“Race,” Rights and the Law in the Supreme Court of Canada
Historical Case Studies
$85.00 Hardcover, 464 pp.
|Hardcover edition is out of print.|
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$48.95 Paper, 464 pp.
Shortlisted for the 1998 Sir John A. Macdonald Prize for Best Book in Canadian History
Four cases in which the legal issue was “race” — that of a Chinese restaurant owner who was fined for employing a white woman; a black man who was refused service in a bar; a Jew who wanted to buy a cottage but was prevented by the property owners’ association; and a Trinidadian of East Indian descent who was acceptable to the Canadian army but was rejected for immigration on grounds of “race” — drawn from the period between 1914 and 1955, are intimately examined to explore the role of the Supreme Court of Canada and the law in the racialization of Canadian society. With painstaking research into contemporary attitudes and practices, Walker demonstrates that Supreme Court Justices were expressing the prevailing “common sense” about “race” in their legal decisions. He shows that injustice on the grounds of “race” has been chronic in Canadian history, and that the law itself was once instrumental in creating these circumstances. The book concludes with a controversial discussion of current directions in Canadian law and their potential impact on Canada’s future as a multicultural society.
About James W. St.G. Walker
James W.St.G. Walker has published several books and articles on the history of race relations in Canada, including The Black Loyalists: The Search for a Promised Land in Nova Scotia and Sierra Leone (2nd ed.). He is currently an associate professor of history at the University of Waterloo.
“Walker presents a superb study of four cases in which the Supreme Court of Canada grappled with the meaning of race....Walker writes with several audiences in mind, and his engaging prose and careful analysis should appeal to that mythical ‘well-educated general reader’ as well as those who read books for a living. There are even sections that Walker suggests can be skipped by those who do not need background on law and legal process, race theory, the historiography of the race or the methodology of history — all excellent readings for introducing students to legal history.”
— Margaret McCallum, University of New Brunswick, Acadiensis
“This book has many strengths. Walker skilfully bridges the gap between legal history and social history in a compelling introduction which ‘orients’ the reader to developments in scholarly work in the areas of race and race relations, social history, and legal history. Moreover, the author demonstrates an impressive grasp of the intricacies of legal procedure, tracing each case from lower courts through to Canada’s Supreme Court. Walker also breathes life into each of these case studies by situating them intheir historical context....There are, however, a few questions one is left with after reading thiswork....Walker’s work provides us a point from which to engage with these issues. This work, in sum, will surely cement the author’s well-deserved reputation as one of the foremost thinkers on the subject of race in Canada.”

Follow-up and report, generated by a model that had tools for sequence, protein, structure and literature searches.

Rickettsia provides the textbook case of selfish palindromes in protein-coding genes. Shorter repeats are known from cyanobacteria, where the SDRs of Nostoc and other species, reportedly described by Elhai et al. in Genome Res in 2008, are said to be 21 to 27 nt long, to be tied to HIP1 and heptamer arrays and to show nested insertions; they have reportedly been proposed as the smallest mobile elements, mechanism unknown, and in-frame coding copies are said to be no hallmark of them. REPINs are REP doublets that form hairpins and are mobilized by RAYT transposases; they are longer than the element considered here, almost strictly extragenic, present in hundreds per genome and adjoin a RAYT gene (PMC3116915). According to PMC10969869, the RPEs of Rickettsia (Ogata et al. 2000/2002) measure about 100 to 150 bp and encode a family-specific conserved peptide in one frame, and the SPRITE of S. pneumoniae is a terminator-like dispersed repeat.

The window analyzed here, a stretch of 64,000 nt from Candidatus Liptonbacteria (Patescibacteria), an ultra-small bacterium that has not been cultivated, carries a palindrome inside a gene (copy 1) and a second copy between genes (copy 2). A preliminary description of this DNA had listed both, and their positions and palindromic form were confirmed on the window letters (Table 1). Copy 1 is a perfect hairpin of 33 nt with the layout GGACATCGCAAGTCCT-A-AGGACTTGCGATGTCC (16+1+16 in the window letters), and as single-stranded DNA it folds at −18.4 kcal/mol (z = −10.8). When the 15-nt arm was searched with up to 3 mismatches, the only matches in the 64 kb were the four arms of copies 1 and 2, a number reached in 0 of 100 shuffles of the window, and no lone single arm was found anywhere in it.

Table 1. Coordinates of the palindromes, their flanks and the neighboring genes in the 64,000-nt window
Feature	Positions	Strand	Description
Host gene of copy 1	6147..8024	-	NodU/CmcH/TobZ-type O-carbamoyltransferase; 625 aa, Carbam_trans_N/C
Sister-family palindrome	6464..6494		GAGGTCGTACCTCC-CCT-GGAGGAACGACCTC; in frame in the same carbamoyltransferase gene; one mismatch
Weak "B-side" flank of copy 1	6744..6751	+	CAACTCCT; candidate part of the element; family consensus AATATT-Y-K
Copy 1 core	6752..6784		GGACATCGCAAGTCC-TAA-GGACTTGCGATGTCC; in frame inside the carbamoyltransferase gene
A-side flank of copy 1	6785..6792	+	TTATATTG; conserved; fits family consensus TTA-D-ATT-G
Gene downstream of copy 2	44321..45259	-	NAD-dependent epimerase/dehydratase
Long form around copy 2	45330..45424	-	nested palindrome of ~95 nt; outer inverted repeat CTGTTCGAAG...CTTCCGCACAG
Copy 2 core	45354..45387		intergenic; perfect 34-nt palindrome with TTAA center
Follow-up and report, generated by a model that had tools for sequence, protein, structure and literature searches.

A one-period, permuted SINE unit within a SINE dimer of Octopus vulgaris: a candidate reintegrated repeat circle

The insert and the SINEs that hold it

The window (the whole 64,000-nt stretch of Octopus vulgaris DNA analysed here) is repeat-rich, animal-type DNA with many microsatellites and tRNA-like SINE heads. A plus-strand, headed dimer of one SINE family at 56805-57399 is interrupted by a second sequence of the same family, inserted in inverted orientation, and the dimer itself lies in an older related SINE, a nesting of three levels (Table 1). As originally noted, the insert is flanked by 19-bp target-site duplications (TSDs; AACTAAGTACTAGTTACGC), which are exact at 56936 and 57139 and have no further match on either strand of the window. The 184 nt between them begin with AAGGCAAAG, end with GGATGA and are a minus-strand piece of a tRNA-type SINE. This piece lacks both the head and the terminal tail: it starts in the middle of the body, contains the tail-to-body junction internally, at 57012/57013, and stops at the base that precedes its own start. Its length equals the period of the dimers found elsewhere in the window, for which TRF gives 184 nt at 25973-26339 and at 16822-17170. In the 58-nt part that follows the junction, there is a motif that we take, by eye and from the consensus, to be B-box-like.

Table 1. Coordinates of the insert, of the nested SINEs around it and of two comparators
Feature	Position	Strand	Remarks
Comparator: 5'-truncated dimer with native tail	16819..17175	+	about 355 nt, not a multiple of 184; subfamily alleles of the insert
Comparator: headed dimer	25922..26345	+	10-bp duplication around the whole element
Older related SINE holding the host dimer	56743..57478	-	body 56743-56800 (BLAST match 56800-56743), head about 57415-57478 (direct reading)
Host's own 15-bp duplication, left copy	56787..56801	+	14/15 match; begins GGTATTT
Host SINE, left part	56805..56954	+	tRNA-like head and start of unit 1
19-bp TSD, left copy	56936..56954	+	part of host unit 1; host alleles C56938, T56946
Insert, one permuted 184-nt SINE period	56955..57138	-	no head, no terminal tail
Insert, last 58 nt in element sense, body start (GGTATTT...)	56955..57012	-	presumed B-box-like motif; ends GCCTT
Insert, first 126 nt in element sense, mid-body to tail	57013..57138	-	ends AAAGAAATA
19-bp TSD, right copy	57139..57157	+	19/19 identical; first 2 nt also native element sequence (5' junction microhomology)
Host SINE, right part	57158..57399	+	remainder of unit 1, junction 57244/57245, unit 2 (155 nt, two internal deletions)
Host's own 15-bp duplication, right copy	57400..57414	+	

— Barrington Walker, Atlantis
“Walker chose well, as these four cases disclose a panoply of approaches to race regulation in the era prior to human rights legislation and the Charter....In short, the cases are presented as moments at which the concept of race itself was at stake.”
— Kerry Rittich, , University of Toronto Quarterly
“...this book is a major contribution to our understanding of the interaction of race and the law in the Canadian experience. It is history told with engaging detail, in a lively and comprehensible style and embodying wise and convincing reflection. Moreover, as Walker warns us in his afterword, the story has no neat historical end. It has relevance today. The fragility of assumptions about the tolerance of ethnic difference in contemporary Canadian society, especially at street and community levels, and the difficulties the Supreme Court has had with setting the interpretative matrix of the Charter and the Constitution Act on equality issues should warn us against undue complacency and smugness in assuming that racism is dead or, if alive, can be easily and predictably suppressed by the invocation of the law.”
— John McLaren, The Canadian Historical Review